On Art 3

So every few months I get the urge to make a blog post about art, the state of art, what art can be, and what have you. You can find On Art 1 and On Art 2 at those links, respectively. I think that constantly defining my position on it is something that may not matter, but it at least makes me feel good in a little silly way. I think that discussions of what art is are similar to discussions of what the canon should be–they’re pointless and stupid because people will think what they want. But I don’t care.

I read 90% of In Search of Lost Time last semester, as some of you probably know, and Proust comes down pretty hard on how art should function. Through Elstir, the painter, Proust suggests that art always has to be productive, or at least wishing that it is producing; the artist has to actively desire and be drawn toward her vocation in order for art to be something worthwhile. A mere reflection of the art that has come before, however, will not do. Proust demands that art constantly be reflecting backward while developing methods and images.

So what does that mean now? I have a hard time with this, and in my discussions about art with Belle Avant, I’ve come to the realization that good art needs to be something that uses the unique productive methods of our time to articulate an affective offense to the world. That seems like it’s overly complex, but I promise that it’s not. There are two wonderful examples of this that I can think of.

The first is A Tool to Deceive and Slaughter. At its very core, A Tool is both a work of art and a work of criticism. It is all about the contemporary period; it literally sells itself to teach the owner a lesson about ownership and how little that word really means now. It controls its own means of production; it is its own means of production. It should be impossible to enjoy A Tool. It laughs in the face of current convention. It slaughters everything, even itself, because it is valuable and yet completely valueless for the owner.

The second is Ray Caesar’s recent interview in Hi-Fructose magazine.

In many ways my childhood is reflected in the years I spent working at the Hospital for Sick Children and the pain and hope is all mixed up in unexplainable emotion. I do feel that the years I spent at the hospital were necessary and even in some ways a gift, as I had to learn to deal with what I saw in that place. Those years gave me the courage to face some of my own demons. “Art” is the ship I use to sail into uncharted waters.

Later he continues

I suppose art for me is that process in which we bare our inner most feelings, trouble and pain; happiness and joy…it’s an important form of communication and that is more important than my need for privacy.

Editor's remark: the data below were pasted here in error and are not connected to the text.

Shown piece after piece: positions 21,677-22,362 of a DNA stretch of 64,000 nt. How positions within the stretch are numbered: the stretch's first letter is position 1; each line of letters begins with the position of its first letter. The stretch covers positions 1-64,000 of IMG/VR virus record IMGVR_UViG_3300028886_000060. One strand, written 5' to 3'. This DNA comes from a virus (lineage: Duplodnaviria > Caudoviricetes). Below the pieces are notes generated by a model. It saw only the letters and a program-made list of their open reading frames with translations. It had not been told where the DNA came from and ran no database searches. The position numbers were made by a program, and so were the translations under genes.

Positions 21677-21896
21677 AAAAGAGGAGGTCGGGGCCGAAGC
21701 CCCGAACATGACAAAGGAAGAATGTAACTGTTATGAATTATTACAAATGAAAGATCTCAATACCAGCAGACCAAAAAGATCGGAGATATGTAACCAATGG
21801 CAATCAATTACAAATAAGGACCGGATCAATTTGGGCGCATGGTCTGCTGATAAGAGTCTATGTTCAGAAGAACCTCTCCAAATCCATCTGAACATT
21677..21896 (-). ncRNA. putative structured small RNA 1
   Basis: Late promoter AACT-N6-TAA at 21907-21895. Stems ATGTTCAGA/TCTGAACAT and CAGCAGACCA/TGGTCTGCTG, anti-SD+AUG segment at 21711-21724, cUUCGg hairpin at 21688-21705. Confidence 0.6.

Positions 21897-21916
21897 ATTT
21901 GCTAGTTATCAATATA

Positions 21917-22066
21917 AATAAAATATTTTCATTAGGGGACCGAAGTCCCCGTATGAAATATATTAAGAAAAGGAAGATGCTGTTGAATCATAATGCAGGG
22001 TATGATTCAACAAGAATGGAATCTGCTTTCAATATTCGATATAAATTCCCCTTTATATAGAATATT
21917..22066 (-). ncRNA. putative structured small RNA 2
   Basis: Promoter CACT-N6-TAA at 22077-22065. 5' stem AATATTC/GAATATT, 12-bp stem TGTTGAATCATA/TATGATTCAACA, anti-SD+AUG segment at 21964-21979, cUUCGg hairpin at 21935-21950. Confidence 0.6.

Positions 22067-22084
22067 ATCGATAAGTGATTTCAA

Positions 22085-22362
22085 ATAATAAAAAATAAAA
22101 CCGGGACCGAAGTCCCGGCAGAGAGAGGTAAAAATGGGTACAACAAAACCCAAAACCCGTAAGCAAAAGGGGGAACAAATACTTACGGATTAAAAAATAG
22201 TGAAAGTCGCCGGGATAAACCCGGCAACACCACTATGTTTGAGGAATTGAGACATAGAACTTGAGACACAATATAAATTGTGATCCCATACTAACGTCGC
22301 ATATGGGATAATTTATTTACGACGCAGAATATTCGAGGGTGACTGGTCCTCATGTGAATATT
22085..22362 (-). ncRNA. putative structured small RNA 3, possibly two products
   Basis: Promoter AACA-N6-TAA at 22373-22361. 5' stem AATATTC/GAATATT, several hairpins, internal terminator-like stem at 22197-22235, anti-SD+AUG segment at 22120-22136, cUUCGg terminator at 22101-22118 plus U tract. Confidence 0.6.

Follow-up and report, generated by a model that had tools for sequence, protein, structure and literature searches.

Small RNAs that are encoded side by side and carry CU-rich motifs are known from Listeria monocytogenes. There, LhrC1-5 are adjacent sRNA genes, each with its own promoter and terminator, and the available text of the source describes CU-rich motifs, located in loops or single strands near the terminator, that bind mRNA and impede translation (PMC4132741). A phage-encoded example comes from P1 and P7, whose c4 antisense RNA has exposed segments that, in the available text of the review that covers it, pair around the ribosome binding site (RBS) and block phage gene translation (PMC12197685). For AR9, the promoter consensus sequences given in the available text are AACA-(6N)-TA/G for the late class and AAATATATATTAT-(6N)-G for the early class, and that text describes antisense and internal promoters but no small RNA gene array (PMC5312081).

Caesar wants us to understand that art, for him and myself, is something that communicates at a base level from one being to another. His refusal to write an artistic statement because they are “meaningless” is tied up in this idea; in the transmission of affect, not of information, and that we shouln’t have to rely on a textual mediator. The affect itself should foster/connect/divide all on its own–no text required.

I am still tied to the idea that everything called art is art, but the way that I think art should function is different. It doesn’t need to be violent, though violence is a transmission of affect 99% of the time. There are some spaces for a one-sided art where there is the realization that another person will witness your act of violence or act of art; I think that Scu’s troller repeatedly calling him a Satanist (among other, much more terrible things) is a prime example of this. It is a violence caught up in awareness, in the experience of intimacy, and I think that’s probably similar to what artists like Bob Flanagan did. He brings you in, makes it intimate, and then shatters everything with horrifying violence. The fact that it’s disembodied and only language-based, well, that only adds to the layers.

Last, but not least, I want to talk about Douglas Burdorff. I’ve written about him in the past, and it is something that people come to this blog to read over and over again. Burgdorff is one of the best examples of art that I can think of right now. He takes snippets of extreme human behavior and divorces them from all context. It is a snippet of experience, and it’s usually a terminal moment; often his videos end in self-mutilation or the revealing of a terrible sexual secret; a peek at the sublime in the same vein as David Lynch. The drawing-in of affect, that’s something that I think is important to good art. The ability to create these little moments and disseminate them amongst large populations is something that is unique for the past few years, and the fact that Burgdorff chooses to do it in the way that he does–it’s interesting.

Good art, right now, for me, is supposed to drive you to tears.

A sample of Burgdorff’s video work

prick from Douglas Burgdorff on Vimeo.

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